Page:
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'They Were A Little Gross': Slimy, Slippery Jellyfish-Like Creatures Invade Wildwood Crest

WILDWOOD CREST, N.J. (CBS) -- Unwelcome guests leave their mark on the Jersey Shore. Jellyfish-like creatures on the sand have beachgoers asking "what the heck is that?"

"They're a little slimy, a little slippery," one beachgoer said.

Call them slippery, call them slimy, just don't call these clear nickle-sized creatures jellyfish. They're salps.

"They were slimy, they were a little gross," Erica Galada said.

Galada took this picture of the large swath of salp Monday morning while jogging on the beach in Wildwood Crest.

salp wildwood crest
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"And as I was running, I had to slow down because they were slippery. I thought I was going to fall on them," Galada said.

Wildwood Crest experienced a salp invasion on Sunday and Monday. So much so that city officials got calls worrying about public safety. Someone even thought a melted glob of them was raw sewage.

"There was some concerns about that but it's natural. It's a natural thing and if you just leave it alone it will just break up and go back in the ocean," Wildwood Crest Beach Patrol Chief Bud Johnson said.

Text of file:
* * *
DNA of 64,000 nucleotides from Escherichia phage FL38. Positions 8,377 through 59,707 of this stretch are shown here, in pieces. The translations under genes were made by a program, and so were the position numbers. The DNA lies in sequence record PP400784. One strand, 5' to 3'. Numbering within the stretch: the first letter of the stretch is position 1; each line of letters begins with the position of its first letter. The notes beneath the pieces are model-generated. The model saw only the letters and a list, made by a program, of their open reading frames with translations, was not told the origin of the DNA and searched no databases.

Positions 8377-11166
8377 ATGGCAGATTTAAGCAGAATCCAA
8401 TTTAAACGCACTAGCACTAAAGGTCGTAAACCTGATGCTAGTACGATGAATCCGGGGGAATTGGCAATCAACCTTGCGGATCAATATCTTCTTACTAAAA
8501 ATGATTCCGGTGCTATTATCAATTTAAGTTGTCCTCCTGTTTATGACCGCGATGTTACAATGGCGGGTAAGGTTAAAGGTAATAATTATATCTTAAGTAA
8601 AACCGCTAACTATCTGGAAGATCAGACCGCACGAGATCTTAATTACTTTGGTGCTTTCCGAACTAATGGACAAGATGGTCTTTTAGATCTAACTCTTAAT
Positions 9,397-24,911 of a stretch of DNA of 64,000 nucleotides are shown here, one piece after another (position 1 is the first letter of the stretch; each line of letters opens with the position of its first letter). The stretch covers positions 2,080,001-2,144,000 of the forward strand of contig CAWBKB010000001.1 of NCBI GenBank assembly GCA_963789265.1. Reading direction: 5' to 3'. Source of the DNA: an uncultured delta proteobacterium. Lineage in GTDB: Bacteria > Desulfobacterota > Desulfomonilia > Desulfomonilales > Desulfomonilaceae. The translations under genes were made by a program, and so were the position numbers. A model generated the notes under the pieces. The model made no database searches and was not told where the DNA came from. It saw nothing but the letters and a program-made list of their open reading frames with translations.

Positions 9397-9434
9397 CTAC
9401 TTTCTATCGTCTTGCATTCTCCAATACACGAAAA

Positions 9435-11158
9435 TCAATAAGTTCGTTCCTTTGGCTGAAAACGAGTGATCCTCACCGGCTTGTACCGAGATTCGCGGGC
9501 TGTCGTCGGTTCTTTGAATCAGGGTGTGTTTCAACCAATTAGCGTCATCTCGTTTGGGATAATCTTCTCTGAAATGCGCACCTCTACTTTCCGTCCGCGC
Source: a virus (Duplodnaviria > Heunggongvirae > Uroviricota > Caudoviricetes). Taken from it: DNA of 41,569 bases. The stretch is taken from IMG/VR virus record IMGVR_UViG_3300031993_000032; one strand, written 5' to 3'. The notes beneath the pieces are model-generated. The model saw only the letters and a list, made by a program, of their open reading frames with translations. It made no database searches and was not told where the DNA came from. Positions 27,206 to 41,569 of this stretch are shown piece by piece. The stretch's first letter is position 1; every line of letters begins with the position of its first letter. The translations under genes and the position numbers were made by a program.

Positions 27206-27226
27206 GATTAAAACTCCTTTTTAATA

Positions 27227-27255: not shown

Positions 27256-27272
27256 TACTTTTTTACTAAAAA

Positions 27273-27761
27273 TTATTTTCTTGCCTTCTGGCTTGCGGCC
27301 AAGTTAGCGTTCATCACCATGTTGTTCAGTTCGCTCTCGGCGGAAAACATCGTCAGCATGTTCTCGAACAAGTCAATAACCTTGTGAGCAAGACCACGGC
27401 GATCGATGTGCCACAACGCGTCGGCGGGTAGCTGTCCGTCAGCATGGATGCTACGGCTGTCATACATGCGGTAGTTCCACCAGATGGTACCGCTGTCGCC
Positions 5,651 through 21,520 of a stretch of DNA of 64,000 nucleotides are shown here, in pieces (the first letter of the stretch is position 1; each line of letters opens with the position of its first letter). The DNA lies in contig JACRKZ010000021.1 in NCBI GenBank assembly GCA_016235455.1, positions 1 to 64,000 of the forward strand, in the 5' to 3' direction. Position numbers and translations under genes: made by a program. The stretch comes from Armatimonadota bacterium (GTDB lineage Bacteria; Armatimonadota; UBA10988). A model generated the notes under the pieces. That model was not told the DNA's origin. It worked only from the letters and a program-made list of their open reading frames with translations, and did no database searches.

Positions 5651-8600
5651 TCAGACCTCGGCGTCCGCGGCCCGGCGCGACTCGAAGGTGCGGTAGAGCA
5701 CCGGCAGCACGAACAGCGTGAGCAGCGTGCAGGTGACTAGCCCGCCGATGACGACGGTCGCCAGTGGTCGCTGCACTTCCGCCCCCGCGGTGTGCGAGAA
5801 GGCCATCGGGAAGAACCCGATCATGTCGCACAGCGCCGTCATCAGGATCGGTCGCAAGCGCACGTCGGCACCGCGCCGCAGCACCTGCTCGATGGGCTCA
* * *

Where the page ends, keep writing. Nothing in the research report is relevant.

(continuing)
So what are salps? According to Dr. Christine Thompson from Stockton University's Marine Science Center, salp are a type of plankton that typically live far out to sea, but float in from time to time with warm water.

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They don't sting like jellyfish and can actually help swimmers by filtering out algae and other micro-organisms.

"They will float in the water column, they're called plankton and they filter feed,"  Thompson said. "So they're a little animal with this jelly coating and they have mesh in them that filters the other plankton from the water."

Shore official say swimming with the harmless sea creatures is totally fine but be careful not to slip on them.

"They don't really bother me too much. Well, I don't particularly like it but I'm OK with it," Galada said.

As of Wednesday, the salp have apparently blown out to sea and are no longer in Wildwood Crest.

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